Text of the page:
Members of a national commission said Wednesday that college completion must become a priority on all college campuses if the United States is to remain a driving force in the new knowledge economy.

“If we do not increase the number of college graduates we risk the foundation of the American Dream,” said E. Gordon Gee, president of Ohio State University and chairman of the National Commissioner on Higher Education Attainment, which released its report Wednesday.

Nationally, only 38 percent of freshmen who entered a four-year college in 2004 completed their bachelor’s degree in four years, according to U.S. Department of Education data. Just over 67 percent completed it in six years. At two-year public colleges, only about 30 percent of the 2007 full-time freshmen had earned their degrees within three years.

The report offers several recommendations for improving college completion rates, many of which local college presidents said they are already implementing.

“New Jersey is ahead of most of the rest of the country,” said George Pruitt, president of Thomas Edison State College, who served on the commission. “We’ve been focused on these issues for years.”

Pruitt said New Jersey has been able to implement programs because the colleges have individualized missions. Thomas Edison caters to working adults, and the community colleges and four-year colleges have programs targeting their populations.

“Higher education isn’t just 18-year-olds anymore,” Pruitt said. “The average age of my student is 40. There are more students over the age of 21 who attend college part-time than full-time.”

Data filed by the colleges show that almost 375,000 students attended some type of college in New Jersey in the fall of 2012, with 130,000 of them attending part-time. About 172,000 attend two-year public colleges, with just under half of them attending part-time.

“The older model of students going full-time, supported fully by parents, and completing their degrees in four years may not be realistic for some institutions, particularly those serving urban areas and with many non-traditional students,” said Richard Stockton College President Herman J. Saatkamp.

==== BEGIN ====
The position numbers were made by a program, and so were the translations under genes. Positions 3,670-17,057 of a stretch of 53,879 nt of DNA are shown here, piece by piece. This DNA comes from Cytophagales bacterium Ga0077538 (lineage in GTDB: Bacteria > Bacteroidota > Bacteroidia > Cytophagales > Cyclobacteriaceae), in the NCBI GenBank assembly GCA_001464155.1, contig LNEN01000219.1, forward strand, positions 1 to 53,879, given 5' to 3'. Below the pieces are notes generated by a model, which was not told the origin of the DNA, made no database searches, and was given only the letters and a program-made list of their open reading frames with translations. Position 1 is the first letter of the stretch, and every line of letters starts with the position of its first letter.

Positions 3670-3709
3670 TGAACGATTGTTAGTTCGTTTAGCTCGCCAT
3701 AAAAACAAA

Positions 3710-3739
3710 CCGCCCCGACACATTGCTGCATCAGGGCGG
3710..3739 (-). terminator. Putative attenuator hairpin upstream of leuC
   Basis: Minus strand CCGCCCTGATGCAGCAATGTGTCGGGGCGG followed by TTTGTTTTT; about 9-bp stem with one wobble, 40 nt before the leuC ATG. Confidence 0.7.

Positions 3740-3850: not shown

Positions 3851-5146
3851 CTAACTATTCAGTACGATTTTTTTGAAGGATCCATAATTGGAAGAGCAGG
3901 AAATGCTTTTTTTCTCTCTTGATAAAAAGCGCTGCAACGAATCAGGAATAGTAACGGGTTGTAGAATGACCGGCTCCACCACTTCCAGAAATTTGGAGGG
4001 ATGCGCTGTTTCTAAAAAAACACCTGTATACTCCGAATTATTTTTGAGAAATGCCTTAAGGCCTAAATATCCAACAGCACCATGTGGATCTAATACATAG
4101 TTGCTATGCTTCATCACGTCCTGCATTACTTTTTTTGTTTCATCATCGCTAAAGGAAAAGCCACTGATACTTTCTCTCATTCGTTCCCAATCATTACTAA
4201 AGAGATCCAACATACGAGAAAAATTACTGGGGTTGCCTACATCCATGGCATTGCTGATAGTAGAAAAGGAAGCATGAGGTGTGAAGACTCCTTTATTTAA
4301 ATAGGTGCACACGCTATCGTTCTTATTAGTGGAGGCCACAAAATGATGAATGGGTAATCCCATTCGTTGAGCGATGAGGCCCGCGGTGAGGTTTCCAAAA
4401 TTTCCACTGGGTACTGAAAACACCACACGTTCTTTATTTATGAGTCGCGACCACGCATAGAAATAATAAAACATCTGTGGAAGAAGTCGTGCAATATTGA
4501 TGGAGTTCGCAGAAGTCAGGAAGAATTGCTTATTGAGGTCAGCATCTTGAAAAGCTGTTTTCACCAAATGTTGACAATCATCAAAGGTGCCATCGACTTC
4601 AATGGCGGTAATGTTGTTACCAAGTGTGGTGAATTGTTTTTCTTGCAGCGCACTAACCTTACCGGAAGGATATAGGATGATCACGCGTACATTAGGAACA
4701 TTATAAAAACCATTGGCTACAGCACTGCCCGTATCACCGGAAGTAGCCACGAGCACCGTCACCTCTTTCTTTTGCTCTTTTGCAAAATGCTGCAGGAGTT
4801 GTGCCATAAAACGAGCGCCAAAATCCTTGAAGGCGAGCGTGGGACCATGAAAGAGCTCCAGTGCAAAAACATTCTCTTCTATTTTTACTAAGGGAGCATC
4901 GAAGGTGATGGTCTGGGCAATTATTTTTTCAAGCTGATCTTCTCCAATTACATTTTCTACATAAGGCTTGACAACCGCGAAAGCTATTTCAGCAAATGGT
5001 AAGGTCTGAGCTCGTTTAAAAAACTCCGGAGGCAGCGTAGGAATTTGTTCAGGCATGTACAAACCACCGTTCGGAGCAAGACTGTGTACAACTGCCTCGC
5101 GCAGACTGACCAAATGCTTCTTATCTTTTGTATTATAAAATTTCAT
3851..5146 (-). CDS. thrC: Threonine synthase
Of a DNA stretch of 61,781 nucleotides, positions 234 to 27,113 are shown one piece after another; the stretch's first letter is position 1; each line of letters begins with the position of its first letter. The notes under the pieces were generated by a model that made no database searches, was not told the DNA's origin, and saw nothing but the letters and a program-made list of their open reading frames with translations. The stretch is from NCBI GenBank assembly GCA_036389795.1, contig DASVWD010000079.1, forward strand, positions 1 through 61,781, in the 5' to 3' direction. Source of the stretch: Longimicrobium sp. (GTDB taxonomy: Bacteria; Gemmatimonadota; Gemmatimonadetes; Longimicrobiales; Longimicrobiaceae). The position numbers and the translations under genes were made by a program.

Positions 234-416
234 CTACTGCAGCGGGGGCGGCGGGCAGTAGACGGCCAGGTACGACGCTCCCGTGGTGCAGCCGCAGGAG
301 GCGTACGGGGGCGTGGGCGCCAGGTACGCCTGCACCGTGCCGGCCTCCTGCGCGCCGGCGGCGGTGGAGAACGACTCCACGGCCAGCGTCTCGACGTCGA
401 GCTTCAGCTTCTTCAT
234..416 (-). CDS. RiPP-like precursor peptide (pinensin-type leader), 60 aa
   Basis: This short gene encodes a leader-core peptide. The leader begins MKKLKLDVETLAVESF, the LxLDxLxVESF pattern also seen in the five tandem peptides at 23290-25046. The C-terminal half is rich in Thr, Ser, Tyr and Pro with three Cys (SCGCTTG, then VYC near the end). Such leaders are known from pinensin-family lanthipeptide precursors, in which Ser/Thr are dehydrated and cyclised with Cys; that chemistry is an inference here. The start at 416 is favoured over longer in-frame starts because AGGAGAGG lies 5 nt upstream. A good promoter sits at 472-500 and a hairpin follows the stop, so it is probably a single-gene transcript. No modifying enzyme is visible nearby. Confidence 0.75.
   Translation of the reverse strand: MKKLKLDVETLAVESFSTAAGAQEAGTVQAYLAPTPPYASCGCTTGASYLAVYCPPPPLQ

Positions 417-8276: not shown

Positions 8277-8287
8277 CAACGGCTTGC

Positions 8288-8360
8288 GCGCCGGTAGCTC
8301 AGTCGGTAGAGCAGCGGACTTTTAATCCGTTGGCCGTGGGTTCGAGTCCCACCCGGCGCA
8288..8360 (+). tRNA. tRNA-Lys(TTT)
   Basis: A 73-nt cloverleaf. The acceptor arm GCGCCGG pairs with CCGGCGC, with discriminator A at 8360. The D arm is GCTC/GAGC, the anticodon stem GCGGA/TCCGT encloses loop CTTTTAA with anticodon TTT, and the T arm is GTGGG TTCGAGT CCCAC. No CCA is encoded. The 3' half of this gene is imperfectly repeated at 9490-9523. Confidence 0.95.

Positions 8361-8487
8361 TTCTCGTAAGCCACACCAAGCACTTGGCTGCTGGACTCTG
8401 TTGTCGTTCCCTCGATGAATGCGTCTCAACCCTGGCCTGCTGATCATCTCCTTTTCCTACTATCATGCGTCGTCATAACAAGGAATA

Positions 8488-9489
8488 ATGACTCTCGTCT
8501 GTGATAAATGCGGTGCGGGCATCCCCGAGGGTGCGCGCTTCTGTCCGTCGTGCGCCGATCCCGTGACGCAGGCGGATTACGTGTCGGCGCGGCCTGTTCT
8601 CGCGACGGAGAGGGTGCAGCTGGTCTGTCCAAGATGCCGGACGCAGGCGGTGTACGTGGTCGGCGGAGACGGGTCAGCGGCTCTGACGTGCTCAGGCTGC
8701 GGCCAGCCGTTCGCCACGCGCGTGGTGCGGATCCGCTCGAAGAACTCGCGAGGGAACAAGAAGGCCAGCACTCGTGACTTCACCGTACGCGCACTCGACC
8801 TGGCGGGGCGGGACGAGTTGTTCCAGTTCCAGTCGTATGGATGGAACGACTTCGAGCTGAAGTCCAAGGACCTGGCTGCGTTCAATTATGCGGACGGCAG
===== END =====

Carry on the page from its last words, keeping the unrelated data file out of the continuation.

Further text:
One recommendation is to better track the progress of all students. Currently the U.S. Department of Education only follows each cohort of full-time freshmen, so part-time and transfer students are not included in graduation rates.

Saatkamp said almost 2,000 students graduated from Stockton in 2012, but only about 500 were included in the graduation rate data collection.

He said Stockton’s flat-rate tuition program, which allows students to take 20 credits for the price of 16 each semester, has encouraged students to take more courses and graduate more quickly. The college has also provided more scholarships and financial aid to help students stay in college.

Students interviewed at Stockton said they have taken the 20-credit option at least some semesters. They suggested offering more sections of a course so they don’t get locked out of required classes, and requiring students to meet with preceptors who can help them plan their schedules and take the right courses.

Ramy Iskandar, 21, of Absecon said it will take him five years to graduate from Stockton because he transferred in from another college then took eight credits of courses that didn’t apply toward his finance major. He also works full time and can’t manage 20 credits.

“They should find a way to force students to meet with a preceptor right away rather than waiting until they’re in trouble,” he said.

Pruitt said students should be prepared to take on more responsibility for their educations, even if it means attending a less expensive college, and learning to ask for help.

“We all have to make choices in life,” he said. “We should be teaching students how to make informed choices.”

Atlantic Cape Community College began its Student Success Initiative as part of its strategic plan three years ago. The college will target its $9 million share of new higher education bonds to build a new Student Career and Success Center that will focus on career planning and counseling to keep students on track toward a goal.

“We will mandate that students set a career goal at the end of their first semester,” Atlantic Cape President Peter Mora said.

The report recommends making it easier for students to transfer credits. Atlantic Cape has an agreement with Stockton that allows students who start at the county college but transfer to Stockton before getting a degree to still get their associate degree when they earn enough credits at Stockton. Similar agreements with Rowan and Rutgers are planned.

One stumbling block is the high rate of remediation among college students, especially at community colleges, and what is seen as a growing gap in college readiness among high school graduates. Gee said the higher education and public school systems must be partners in creating a seamless education process.

Atlantic Cape has a six-year $270,000 per year federal GEAR UP grant to help high school and middle school students prepare for college, and offers dual enrollment that allows high school students to earn college credits for courses taken at their high schools or at the college.

The college is also piloting an accelerated program to help students finish their remedial work more quickly.

“We are very, very serious about this,” Mora said. “This involves everyone on campus.”

Contact Diane D'Amico:


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